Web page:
Campus Plant Project Guide Fall, 2009 Purpose: To learn to discern important plant characteristics and identify the

most common plant species on campus. Requirements: 1. Draw and describe 25 species of plants (data pages). (100 points) 2. Identify 25 species of plants common to the Westminster campus. (100 points) Note: You will have 8 - 12 hours of lab time during the next four to five weeks to complete this part of your leaf project. The plant samples will be available at extra help Procedure: 1. Select a station and carefully observe the plant sample. Record a detailed description of the specimen (use the Key to the Common Trees of Askew Woods, the supplementary list and descriptions of other campus trees, and any field guides that may be available in the laboratory). Include the following: 11 native trees; 11 exotic plants (Kudzu, privet etc); 1 fern; 1 moss, and 1 lichen (a total of 25 data pages). You will be provided a list of the trees and invasive plants to include in your study. Your description should be composed of at least 8 characteristics for each specimen. (sketch) several (2-4) leaves for each specimen. Use your Sketching Leaves guide. Be sure to indicate how the leaves are arranged on the stem (alternate or opposite); make your sketch to scale, and accurately show the details of your written description. Drawings will be in pencil and other data sheet writings should be in black ink.
Example of a descriptive: Please refer to the example on page 2. Draw

3. Complete the “label” on each drawing (Scientific name, common name etc). Note: One drawing and description per page. Due date: TBA

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Example Data Page

Scale: 1cm = 1 cm

Name: R.K. Vermillion

Westminster Schools Fulton County, Georgia Scientific Name: Acer rubrum Common Name(s): Red maple Locality of Collection: The campus of the Westminster Schools Habitat: Mixed Coniferous-Deciduous Forest Collection Date: Fall, 2009 Description:
(1) Leaf type: Simple (5) Base : Cordate (2) Arrangement: opposite (6) Margin: Doubly serrate (3) Blade shape: palmately lobed (7) Status: NLS (4) Apex: Acute (8) Habit : Tree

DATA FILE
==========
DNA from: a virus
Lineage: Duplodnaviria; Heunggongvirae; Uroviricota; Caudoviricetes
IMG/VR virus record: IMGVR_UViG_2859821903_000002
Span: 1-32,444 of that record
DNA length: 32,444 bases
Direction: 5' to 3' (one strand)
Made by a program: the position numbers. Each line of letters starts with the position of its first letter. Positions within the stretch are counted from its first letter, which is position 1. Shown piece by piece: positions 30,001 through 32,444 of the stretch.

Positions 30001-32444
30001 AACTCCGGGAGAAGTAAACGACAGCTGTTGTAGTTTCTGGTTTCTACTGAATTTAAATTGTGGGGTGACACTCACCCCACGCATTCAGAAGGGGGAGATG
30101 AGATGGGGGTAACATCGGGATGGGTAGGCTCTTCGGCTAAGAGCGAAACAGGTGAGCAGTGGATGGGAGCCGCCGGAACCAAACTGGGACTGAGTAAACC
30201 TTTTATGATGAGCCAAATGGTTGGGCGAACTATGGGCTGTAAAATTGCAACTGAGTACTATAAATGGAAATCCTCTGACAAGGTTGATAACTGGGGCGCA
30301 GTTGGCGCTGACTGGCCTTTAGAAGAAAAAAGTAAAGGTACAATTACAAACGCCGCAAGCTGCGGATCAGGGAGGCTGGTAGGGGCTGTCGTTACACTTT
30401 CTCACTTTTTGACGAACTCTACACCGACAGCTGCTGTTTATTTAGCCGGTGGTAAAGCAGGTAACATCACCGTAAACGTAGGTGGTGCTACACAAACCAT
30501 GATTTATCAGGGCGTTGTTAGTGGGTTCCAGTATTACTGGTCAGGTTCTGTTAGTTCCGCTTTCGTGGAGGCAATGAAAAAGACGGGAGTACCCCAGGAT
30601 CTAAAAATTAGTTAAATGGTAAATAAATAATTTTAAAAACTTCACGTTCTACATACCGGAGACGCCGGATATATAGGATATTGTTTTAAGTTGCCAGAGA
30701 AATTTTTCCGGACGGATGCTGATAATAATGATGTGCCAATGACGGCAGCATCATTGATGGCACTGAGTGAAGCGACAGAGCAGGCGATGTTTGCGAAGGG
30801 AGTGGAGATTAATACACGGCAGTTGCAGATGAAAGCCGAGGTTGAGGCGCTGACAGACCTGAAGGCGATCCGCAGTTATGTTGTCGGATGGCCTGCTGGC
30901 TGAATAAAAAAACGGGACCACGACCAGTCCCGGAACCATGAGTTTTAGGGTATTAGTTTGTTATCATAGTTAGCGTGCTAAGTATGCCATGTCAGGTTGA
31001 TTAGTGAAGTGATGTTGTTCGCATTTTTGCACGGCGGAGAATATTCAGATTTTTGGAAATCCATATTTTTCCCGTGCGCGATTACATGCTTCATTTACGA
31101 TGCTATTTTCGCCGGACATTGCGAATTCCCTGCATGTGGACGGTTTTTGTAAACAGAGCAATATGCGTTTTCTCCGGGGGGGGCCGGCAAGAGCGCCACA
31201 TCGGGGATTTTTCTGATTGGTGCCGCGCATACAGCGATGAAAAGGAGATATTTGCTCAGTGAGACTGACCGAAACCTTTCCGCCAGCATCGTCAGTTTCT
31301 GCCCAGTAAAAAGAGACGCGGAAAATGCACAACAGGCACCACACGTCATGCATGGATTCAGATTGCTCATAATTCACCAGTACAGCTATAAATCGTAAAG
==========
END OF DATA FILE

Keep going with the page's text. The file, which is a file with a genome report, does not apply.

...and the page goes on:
North American Distribution, Environmental, Economic and Ethno-botanic Information

Sources:
Introduction: This is a “quick guide” to producing scientifically accurate sketches of leaves. Anyone can do this; it does not require even a moderate degree of “artistic flair”.

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If you follow these directions and practice, you well produce good to excellent work without having had a formal course in drawing. You may say, I can’t draw a straight line! Well, no problem, you’ll use a ruler! So let’s get started!

1. Select a specimen provided by you instructor. The specimen should fit the paper space, but it’s OK if some of the
specimen lies outside the frame. Just be sure to make an arrangement that will clearly show how two leaves are attached to the stem. The example below is a red maple and it has simple and opposite leaves. 2. While holding the specimen in place, lightly trace its outline as in figure one.

Figure one. 3. Next, study the arrangement of the veins, and lightly and accurately draw those using quasi-parallel lines. 4. Using a straight edge, lightly place a few parallel guide lines as in figure one (don’t cross the veins, but if you do,
erase the marks). You’ll use these guide lines soon to add hatching marks to your sketch.

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Figure two.

5. Next, using the quasi-parallel guide lines, add parallel hatchings to your leave as shown on the right hand leaf in
figure two. 6. Now, add some detail to the leaf’s margin (the red maple leave is “toothed”) as in figure 2 (leaf hand leaf). 7. Next, add more hatching marks to add depth to your drawing (this is the only thing we have done so far that comes close to art!). Leave the veins “un-hatched” as in figure two. 8. Finally, add some curved hatching marks to the stem (this will give the stem a cylindrical appearance). At this point you should have one leaf “detailed” and the other leaf outlined. You may stop here and receive full credit for your drawing. However, if you wish, you may complete the other leaf, but I wouldn’t do that until you have sketched and described the remaining specimens in your project.

Note: As you gain experience, you can experiment with hatching lines; curved hatching lines can reproduce a “wavy” leave surface.

Common Names

Scientific Names Pinus taeda Oxydendrum arboreum Quercus coccinea; Q. rubra Magnolia grandiflora Liriodendron tulipifera 4

Loblolly pine 2 Sourwood 3 Scarlet oak or red oak 4 Southern magnolia 5 Tulip poplar (tuliptree)
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Red maple 7 White oak 8 Flowering dogwood 9 Sweetgum 10 Sourgum 11 Japanese honeysuckle 12 Mimosa (Silktree) 13 Chinese privet 14 Kudzu 15 Japanese Giant Timber Bamboo 16 Yellow grove bamboo 17 English ivy 18 Oregon grape holly (holly leaf barberry) 19 Autumn olive (Russian olive) 20 Japanese Wisteria